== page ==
During lockdown, many of us have found sanctuary in online retailers, relying on them to bring a sense of thrill back into our lives through one-click purchases. With an increasing amount of people now being more ethically and environmentally conscious, many of us have flocked to Depop to satisfy our longing for that buzz in a sustainable, guilt-free way.
As a result of this, Depop has boasted their “tremendous growth” in sales, with demand doubling since lockdown in March 2020. This is music to the ears of their many users who have turned reselling clothes on the app into a living. These resellers devote their free time to hunting down suppliers, searching for car boot sales, and sifting through charity shops to find the most sought-after vintage gems to flip at a profit online.
However, as the app reached over two million active users during lockdown, an increasing wave of criticism has been targeted towards its resellers. A bubbling moral panic, specifically concerning the ethics of those flipping charity shop items at a profit, has circulated its way throughout the internet. Critics took to TikTok, Youtube, and other platforms to express their frustration that clothes are no longer “as cheap as they used to be” and claim that it is unethical to “wipe out” charity shops. Many stress that it is particularly unfair to those from lower-income backgrounds.
But is it really morally wrong for someone to make a business from people’s unwanted clothes?
Whilst there are valid concerns, many claims are uninformed assumptions, and somewhat far-fetched. In this article, I will attempt to challenge several popular arguments that Depop critics jump to when attacking online resellers.
“Resellers buying stock from charity shops is unfair as they are taking up the ‘good clothes’ for people who need them most”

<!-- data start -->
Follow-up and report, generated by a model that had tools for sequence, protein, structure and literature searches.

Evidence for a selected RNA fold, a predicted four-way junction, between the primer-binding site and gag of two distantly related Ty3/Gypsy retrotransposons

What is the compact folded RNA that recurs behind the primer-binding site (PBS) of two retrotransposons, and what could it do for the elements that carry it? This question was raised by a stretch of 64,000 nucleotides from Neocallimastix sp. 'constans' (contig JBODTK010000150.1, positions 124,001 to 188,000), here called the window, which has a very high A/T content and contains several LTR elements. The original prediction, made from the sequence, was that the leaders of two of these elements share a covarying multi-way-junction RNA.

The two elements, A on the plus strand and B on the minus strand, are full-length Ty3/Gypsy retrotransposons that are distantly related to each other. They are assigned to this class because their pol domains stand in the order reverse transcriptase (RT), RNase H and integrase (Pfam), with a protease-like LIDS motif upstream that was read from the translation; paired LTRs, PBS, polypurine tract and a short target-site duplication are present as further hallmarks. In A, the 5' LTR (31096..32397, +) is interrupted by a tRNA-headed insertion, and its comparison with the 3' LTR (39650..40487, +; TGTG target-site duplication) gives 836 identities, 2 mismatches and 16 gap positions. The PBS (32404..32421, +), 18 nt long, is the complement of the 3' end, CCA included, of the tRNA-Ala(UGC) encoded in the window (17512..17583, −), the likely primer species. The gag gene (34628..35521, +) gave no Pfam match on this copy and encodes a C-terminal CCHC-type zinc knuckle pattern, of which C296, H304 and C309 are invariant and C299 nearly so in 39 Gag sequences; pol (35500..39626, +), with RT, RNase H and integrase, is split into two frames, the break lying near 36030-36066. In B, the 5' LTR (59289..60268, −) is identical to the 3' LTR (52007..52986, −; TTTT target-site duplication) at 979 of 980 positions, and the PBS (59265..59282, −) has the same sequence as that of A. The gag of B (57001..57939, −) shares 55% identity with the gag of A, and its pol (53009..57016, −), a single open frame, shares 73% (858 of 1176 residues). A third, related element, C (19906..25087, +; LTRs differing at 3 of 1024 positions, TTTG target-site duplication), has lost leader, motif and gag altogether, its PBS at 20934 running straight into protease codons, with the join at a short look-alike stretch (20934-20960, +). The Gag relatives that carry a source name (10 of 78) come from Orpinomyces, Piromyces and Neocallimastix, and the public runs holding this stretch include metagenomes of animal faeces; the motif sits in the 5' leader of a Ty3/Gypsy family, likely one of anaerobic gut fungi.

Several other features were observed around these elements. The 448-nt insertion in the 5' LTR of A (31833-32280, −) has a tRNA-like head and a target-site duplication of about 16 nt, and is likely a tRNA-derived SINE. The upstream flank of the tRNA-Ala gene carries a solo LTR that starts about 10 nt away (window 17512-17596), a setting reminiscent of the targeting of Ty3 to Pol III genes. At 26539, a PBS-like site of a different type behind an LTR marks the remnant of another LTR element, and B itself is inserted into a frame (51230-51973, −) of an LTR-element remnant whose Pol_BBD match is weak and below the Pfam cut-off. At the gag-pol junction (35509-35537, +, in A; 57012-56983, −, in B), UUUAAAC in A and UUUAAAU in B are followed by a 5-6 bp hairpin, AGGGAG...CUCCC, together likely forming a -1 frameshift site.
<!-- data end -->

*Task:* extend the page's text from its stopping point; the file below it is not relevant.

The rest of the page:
People who make this claim are often coming from a good heart, acknowledging that shopping secondhand is a necessity for some people, and resellers ‘buying all the good stock’ takes away the chance for less-privileged people to access cheap, durable clothing. However, we cannot deny that approximately 10-30% of donated items are sold by charity shops each year – the rest goes to landfills or gets shipped to developing countries.
In my own experience volunteering at a small Oxfam shop, the number of resellable donations we received was far more than what we were selling locally. There was an abundance of clothing, meaning there was more than enough to go around!
As it’s unlikely there will ever be a scarcity of good clothing in charity stores, resellers buying more clothing (with the intention to resell online) shouldn’t be perceived as a negative thing.
“A reseller’s excessive buying in charity shops increases demand and therefore leads charity shops to increase their prices, hurting those from lower-income backgrounds the most”
Some charity shops do indeed increase their prices over time; however, it is unlikely to be due to an increase in demand. Inflation has caused rent and maintenance prices to go up, inevitably leading shops to increase the prices of their stock.